Yes, my skimming didn't catch that. So, you started with something that was once shown to work and got results with modern tech/problems. Still a good way to do programming.

Hmm. I'm not quite sure what you mean. I guess I had two primary motivations for writing the blog:

1. The knowledge I gained while writing the `fst` crate was difficult to obtain. I hoped to distill some of it down into a more easily consumable format so that others could learn more quickly than I could.

2. Advertise a real implementation that someone can actually use, or failing that, port to another language.

Makes sense. Posts on solutions promoting comprehension and immediate utility are always good to have. You seemed to have pulled it off except maybe too long. You already noted that, though.

Very nearly this same technique is used in glibc for representing unicode character classes. Essentially you save a huge amount of space by sharing common leaf nodes of the trie.

I wrote code to construct these quickly during startup for JOE. I also noticed the minimizing you can do while building the trie in order: basically if the last constructed leaf matches the previous one, use it instead. In JOE we also have sets (for character class) or maps (for regex and case conversion tables).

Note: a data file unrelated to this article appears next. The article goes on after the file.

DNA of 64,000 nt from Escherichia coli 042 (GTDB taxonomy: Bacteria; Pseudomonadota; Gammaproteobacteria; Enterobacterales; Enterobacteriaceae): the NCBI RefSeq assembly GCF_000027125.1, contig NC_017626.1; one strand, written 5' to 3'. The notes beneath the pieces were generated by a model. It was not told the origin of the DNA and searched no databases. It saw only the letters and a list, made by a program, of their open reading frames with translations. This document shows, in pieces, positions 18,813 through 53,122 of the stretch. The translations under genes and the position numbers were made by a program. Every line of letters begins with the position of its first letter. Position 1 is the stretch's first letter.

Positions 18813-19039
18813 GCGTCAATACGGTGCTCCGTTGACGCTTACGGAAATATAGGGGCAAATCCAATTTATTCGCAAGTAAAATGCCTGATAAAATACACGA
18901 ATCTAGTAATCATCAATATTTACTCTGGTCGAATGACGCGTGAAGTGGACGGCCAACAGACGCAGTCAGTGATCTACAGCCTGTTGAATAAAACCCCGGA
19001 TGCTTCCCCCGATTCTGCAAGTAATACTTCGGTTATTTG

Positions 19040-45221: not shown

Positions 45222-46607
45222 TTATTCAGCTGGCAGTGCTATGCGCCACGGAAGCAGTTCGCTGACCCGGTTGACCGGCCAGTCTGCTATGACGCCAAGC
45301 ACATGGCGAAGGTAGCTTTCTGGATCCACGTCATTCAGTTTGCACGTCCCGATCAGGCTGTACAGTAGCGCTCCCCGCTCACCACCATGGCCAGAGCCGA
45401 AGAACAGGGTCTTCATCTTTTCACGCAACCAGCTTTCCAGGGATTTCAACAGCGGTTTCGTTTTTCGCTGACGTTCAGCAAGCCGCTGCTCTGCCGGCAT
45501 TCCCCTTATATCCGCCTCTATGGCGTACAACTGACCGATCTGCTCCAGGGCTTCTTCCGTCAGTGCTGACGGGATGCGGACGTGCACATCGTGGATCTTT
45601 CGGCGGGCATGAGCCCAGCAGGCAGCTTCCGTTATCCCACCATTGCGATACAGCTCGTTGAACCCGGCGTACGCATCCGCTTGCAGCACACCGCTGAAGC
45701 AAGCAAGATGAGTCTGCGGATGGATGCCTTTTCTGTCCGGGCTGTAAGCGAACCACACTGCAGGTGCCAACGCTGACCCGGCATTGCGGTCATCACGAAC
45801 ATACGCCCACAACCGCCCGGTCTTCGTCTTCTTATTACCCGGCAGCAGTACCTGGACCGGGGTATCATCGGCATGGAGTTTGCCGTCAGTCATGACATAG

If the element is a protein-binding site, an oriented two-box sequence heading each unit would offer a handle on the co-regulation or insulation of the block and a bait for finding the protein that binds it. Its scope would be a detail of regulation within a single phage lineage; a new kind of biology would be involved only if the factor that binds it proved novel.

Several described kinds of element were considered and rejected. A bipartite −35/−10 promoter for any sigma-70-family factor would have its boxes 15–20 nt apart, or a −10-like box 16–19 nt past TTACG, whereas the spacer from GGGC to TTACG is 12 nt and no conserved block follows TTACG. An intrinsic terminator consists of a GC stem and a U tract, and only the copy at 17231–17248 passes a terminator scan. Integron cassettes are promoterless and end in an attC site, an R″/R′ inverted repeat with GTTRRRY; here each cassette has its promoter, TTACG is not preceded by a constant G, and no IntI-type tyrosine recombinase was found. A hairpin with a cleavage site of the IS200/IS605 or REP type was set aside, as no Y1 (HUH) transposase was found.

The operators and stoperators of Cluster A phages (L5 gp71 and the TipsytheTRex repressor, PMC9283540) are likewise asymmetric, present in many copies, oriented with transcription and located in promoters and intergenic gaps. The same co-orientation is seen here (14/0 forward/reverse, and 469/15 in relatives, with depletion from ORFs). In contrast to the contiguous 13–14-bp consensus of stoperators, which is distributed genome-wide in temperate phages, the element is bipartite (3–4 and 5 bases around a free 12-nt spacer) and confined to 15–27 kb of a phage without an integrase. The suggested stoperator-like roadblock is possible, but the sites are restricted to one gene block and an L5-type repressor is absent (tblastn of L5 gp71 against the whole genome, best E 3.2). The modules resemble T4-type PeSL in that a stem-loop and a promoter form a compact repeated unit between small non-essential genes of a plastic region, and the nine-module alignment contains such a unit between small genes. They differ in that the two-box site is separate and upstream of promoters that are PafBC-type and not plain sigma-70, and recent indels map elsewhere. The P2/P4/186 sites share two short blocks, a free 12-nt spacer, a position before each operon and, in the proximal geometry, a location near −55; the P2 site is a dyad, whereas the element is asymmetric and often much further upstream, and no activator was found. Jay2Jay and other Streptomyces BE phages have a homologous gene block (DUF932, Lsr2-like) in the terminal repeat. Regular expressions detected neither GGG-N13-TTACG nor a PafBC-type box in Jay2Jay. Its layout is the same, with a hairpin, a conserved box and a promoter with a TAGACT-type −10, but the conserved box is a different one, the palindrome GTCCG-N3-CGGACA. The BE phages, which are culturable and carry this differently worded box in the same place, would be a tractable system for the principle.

Also called DAWGs (Directed Acyclic Word Graphs [1]). John Resig blogged about a similar problem 5 years ago, for which I wrote a JavaScript solution [2].

[1] https://en.m.wikipedia.org/wiki/Directed_acyclic_word_graph

[2] https://github.com/mckoss/lookups

DAWG name is ambiguous, there are 2 different structures called DAWG - sometimes it is used as a synonym to DAFSA and sometimes it is used as a synonym to DAFSA which has all key substrings in it, not only keys. The linked DAWG wikipedia article is for a wrong one.

My Java library, which does some of the things described in the article (DAWGS, perfect hashing, Levenshtein automata):


Similar, but the data structure described here is a different kind of beast. It is more efficient, allows for fuzzy matching, regular expression searches and more.

Nice article. Google has an incredible library for this stuff which is also worth checking out: http://www.openfst.org

Have a look at HSM's if you have not. They fix a few combinatoric explosion problems with FSMs. Also known as statecharts. They are flattened to FSMs when run, but they make expressing complex systems more user friendly.